HP and Bromium isolate unsecure browser tabs

Internet Explorer

Drive-by downloads could become a thing of the past, as HP Inc partners with Bromium to isolate unsecure websites for users of its business-grade ultrabooks.

HP Sure Click is a new browser-based security technology that aims to neutralise the risk posed by users visiting unsecure websites. Every time the user visits a new website, Sure Click creates a new virtual machine (VM) to house that session. This isolates the activity within that tab, not only from the rest of the system, but from every other browser tab as well.

The tool is designed to thwart attack vectors such as phishing, malvertising, drive-by downloads and ransomware. HP is hoping that it will cut down on user error toos, frequently cited as one of the biggest security risk factors.

"With 81% of IT security managers citing unsecure web browsers as a primary attack vector, organisations are challenged to protect themselves against this ever-evolving threat," said HP's Alex Cho, vice president and general manager of commercial PCs and personal systems.

"By partnering with Bromium to create HP Sure Click, we provide exclusive hardware-enforced security for web browsers as a standard feature, giving both users and businesses the freedom to browse confidently."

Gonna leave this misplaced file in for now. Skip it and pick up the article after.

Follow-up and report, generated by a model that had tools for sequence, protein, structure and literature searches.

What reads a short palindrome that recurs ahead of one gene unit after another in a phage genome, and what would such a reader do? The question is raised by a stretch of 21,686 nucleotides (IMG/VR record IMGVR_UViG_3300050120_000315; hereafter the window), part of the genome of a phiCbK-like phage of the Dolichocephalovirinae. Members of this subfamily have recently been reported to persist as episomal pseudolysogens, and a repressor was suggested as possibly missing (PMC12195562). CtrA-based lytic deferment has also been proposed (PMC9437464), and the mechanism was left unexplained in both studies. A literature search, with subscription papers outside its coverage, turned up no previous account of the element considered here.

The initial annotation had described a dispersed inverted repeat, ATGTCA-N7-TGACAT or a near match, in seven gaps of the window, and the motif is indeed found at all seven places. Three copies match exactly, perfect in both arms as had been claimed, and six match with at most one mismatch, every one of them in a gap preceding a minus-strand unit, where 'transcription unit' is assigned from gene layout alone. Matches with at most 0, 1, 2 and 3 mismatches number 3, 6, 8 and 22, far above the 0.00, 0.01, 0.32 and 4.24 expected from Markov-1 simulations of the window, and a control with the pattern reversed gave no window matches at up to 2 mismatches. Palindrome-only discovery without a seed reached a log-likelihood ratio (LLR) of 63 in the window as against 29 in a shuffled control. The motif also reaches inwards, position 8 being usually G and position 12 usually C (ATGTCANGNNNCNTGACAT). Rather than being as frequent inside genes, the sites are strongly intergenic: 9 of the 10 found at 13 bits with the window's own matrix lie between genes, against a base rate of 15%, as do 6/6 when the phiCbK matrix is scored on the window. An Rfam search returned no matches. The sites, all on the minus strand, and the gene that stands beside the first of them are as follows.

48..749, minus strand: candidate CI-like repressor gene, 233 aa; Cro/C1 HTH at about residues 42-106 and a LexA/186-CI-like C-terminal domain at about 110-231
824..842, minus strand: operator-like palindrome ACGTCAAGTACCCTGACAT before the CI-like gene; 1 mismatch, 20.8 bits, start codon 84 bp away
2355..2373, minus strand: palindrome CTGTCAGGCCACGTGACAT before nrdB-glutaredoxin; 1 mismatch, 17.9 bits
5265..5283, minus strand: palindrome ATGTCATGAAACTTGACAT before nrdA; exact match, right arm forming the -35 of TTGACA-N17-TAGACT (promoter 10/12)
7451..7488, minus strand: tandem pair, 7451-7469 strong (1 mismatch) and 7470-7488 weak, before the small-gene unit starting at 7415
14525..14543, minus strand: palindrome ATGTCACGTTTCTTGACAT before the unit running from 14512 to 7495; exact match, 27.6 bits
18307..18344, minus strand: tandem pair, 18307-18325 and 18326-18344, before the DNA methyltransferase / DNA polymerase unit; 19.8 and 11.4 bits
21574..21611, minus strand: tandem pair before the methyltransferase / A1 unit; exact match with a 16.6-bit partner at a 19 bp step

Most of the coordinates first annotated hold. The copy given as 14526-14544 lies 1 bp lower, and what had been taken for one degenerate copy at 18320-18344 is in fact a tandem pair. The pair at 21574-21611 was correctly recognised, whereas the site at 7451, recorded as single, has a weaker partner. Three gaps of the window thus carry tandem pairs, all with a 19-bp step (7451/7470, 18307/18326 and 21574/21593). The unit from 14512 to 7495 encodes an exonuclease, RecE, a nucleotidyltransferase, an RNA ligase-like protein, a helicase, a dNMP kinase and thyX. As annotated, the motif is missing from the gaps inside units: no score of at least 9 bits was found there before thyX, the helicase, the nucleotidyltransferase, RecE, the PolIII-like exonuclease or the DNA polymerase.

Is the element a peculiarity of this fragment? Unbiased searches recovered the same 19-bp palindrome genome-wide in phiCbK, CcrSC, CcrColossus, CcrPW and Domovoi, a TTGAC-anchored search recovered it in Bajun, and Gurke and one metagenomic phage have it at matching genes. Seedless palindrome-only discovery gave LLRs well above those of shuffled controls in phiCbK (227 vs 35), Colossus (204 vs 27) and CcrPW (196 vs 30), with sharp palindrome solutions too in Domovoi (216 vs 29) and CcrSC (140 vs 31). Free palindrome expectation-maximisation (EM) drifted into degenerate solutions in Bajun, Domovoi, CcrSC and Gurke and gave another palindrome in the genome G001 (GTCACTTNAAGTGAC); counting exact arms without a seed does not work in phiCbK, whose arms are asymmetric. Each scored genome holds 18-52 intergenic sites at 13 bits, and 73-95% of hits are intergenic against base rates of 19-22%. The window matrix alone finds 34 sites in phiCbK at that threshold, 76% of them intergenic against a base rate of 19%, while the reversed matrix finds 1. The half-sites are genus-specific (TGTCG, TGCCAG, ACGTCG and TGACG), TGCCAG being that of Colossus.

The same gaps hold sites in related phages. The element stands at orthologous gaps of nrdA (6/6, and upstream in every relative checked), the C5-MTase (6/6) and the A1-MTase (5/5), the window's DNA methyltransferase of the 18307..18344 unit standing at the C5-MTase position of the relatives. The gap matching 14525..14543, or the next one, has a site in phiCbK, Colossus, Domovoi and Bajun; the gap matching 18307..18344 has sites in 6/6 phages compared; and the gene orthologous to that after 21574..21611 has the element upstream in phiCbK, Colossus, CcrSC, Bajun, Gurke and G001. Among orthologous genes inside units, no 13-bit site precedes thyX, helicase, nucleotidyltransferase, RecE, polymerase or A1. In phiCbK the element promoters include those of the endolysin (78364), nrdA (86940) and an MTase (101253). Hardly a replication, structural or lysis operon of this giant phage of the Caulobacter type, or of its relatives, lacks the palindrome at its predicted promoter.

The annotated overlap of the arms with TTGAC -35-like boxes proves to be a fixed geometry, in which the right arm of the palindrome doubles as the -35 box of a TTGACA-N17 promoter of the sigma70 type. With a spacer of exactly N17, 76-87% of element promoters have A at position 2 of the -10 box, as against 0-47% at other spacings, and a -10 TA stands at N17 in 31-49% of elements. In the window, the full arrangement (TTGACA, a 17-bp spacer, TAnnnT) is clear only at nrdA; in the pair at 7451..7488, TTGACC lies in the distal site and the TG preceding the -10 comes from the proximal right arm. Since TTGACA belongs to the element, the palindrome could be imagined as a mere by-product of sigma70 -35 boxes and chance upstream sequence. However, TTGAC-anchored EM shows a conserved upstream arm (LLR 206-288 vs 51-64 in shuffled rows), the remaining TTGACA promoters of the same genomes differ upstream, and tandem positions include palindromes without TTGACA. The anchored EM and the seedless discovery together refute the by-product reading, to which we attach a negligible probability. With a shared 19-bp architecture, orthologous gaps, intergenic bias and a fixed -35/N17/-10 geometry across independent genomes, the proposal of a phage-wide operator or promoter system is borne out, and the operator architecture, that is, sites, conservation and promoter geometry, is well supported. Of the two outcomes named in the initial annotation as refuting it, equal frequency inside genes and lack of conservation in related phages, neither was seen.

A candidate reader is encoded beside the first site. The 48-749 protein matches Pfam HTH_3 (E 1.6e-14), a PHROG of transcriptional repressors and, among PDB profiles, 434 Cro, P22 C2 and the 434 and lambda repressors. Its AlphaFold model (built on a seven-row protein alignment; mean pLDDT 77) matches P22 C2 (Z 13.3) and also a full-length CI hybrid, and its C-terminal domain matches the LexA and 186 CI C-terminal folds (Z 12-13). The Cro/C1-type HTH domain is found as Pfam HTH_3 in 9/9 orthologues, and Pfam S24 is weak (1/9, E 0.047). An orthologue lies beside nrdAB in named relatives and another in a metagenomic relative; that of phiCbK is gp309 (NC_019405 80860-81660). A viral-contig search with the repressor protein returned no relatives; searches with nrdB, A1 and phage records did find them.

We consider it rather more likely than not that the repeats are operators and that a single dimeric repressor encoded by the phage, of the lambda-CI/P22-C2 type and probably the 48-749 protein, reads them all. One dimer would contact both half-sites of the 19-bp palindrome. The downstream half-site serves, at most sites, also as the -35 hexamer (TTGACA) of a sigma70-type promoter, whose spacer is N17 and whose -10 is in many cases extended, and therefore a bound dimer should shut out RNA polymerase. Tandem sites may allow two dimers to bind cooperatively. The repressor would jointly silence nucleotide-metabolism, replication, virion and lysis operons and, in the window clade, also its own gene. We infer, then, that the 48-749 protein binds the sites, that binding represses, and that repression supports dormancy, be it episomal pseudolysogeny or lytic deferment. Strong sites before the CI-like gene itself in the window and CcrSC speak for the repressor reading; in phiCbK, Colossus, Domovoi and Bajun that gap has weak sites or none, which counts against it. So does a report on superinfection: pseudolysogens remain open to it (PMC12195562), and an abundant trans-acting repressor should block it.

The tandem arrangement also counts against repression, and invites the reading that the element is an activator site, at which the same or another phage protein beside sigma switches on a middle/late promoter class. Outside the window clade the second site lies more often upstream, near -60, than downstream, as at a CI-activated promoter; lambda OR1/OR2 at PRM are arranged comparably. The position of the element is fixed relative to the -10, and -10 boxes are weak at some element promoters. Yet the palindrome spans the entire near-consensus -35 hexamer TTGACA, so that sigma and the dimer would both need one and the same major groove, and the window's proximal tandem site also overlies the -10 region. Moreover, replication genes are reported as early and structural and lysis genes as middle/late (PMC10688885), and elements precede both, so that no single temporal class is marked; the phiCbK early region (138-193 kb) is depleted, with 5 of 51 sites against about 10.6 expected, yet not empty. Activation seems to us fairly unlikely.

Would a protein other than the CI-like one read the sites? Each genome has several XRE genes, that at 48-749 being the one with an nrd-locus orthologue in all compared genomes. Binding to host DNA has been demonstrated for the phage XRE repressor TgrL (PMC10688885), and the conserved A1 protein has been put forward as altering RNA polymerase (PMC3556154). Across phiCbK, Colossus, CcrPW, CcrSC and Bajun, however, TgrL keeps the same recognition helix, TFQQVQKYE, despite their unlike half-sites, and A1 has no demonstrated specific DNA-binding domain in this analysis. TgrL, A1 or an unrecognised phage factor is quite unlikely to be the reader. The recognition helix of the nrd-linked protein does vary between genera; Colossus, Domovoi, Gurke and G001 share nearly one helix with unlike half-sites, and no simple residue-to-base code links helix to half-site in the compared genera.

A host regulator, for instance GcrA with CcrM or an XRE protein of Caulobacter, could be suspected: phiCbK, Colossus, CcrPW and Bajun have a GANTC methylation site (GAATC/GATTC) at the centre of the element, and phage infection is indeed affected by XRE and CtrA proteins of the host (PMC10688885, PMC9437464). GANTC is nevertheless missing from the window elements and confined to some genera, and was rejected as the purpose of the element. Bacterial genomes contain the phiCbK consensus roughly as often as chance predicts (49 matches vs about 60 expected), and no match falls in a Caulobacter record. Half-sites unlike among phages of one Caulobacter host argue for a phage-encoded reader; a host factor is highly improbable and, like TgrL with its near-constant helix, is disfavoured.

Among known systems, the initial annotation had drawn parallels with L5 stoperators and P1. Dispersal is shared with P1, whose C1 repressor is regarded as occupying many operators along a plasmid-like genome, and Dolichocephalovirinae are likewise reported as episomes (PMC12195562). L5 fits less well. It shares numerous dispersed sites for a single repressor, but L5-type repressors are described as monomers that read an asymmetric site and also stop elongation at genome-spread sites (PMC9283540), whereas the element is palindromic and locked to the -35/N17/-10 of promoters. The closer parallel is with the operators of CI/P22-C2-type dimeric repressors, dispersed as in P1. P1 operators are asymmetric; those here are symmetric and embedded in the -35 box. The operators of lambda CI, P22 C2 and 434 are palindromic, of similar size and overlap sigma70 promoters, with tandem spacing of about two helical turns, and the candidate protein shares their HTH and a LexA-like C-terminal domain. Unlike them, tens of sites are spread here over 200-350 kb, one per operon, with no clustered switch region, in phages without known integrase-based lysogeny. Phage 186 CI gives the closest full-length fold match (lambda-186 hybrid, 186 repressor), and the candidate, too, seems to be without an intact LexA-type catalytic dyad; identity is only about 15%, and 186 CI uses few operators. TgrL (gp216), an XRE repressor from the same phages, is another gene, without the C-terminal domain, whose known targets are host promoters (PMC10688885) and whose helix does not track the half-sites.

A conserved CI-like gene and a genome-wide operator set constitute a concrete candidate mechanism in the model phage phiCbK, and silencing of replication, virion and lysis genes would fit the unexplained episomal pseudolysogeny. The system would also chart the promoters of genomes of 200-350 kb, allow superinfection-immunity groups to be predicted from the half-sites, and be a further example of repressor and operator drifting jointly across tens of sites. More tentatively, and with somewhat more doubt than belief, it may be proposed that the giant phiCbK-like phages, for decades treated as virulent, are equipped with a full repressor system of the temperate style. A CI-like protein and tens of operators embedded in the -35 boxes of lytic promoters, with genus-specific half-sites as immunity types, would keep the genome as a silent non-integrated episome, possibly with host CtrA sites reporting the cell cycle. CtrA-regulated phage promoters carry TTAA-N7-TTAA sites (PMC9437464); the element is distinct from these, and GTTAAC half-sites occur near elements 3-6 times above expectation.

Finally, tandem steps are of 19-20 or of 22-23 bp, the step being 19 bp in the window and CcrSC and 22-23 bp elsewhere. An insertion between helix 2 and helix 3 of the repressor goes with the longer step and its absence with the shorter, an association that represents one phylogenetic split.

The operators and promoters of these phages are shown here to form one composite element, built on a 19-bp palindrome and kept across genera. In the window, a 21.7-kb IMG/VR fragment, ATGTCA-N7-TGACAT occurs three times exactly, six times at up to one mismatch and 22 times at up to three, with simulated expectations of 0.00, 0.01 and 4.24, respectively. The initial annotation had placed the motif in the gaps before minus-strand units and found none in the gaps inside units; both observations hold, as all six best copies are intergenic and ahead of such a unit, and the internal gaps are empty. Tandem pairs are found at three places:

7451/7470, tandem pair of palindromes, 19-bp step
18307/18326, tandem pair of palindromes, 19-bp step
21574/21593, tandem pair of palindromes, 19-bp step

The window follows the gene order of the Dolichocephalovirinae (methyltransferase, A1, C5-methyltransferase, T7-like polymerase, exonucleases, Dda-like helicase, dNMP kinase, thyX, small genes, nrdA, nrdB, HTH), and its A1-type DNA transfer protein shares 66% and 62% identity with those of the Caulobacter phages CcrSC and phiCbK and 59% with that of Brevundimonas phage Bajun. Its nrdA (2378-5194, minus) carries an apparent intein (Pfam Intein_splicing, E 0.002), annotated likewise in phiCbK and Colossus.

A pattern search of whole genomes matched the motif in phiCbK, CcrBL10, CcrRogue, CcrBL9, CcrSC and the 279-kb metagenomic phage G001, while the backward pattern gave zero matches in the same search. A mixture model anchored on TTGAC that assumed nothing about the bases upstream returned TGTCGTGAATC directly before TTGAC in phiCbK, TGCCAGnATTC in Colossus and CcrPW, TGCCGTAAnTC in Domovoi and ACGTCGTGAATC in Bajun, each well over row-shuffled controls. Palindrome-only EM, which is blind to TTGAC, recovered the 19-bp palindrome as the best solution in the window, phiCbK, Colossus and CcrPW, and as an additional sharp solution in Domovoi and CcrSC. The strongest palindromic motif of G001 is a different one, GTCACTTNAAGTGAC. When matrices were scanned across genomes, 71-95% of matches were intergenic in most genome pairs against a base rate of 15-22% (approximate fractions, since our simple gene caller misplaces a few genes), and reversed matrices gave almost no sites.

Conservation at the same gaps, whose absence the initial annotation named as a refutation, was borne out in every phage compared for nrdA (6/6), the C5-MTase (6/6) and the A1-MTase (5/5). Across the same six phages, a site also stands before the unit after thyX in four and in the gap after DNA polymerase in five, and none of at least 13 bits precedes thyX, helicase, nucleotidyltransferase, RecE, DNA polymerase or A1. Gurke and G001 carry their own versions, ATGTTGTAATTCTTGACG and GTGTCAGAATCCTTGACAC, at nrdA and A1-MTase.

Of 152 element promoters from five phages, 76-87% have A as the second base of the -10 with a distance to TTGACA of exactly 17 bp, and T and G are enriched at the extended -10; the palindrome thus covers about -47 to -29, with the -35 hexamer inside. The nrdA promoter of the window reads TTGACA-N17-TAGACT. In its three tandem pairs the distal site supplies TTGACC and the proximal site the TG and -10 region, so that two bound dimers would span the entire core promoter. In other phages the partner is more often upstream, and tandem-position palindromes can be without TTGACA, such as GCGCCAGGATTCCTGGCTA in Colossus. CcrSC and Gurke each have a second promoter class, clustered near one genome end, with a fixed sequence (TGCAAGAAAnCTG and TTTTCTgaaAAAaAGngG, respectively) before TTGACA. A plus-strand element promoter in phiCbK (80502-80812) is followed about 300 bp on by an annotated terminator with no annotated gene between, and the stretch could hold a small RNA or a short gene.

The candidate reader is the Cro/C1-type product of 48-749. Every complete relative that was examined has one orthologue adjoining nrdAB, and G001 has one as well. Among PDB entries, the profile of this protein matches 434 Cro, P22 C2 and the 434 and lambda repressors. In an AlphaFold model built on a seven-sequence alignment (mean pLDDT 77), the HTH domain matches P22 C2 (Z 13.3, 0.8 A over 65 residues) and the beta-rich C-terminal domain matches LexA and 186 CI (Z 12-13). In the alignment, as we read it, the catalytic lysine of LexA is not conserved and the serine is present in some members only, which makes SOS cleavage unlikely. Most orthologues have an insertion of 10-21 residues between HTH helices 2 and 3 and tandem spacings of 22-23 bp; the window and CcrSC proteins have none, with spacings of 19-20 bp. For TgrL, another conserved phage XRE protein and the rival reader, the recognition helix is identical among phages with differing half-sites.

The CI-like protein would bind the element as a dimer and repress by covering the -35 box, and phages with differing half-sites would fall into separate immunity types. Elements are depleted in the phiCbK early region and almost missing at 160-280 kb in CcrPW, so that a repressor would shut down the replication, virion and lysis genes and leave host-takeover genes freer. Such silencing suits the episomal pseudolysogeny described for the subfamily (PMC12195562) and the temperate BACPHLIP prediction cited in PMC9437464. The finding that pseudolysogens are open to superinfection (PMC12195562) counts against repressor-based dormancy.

HP Sure Click is compatible with Internet Explorer and Chromium, the open source variant of Google's popular Chrome browser. The feature will be included as standard in the HP EliteBook x360 1030 G2, which launches later this spring.

"HP's philosophy and approach to security is a natural fit with our own mission to stop cybercrime and keep the Internet safe for everyone," explains Ian Pratt, co-founder and president, Bromium.

"We are thrilled about our strategic relationship, and we're excited to have Bromium's virtualisation-based security used as a platform for HP Sure Click to deliver secure browsing built into HP's world-class devices."

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Adam Shepherd

Adam Shepherd has been a technology journalist since 2015, covering everything from cloud storage and security, to smartphones and servers. Over the course of his career, he’s seen the spread of 5G, the growing ubiquity of wireless devices, and the start of the connected revolution. He’s also been to more trade shows and technology conferences than he cares to count.

Adam is an avid follower of the latest hardware innovations, and he is never happier than when tinkering with complex network configurations, or exploring a new Linux distro. He was also previously a co-host on the ITPro Podcast, where he was often found ranting about his love of strange gadgets, his disdain for Windows Mobile, and everything in between.

You can find Adam tweeting about enterprise technology (or more often bad jokes) @AdamShepherUK.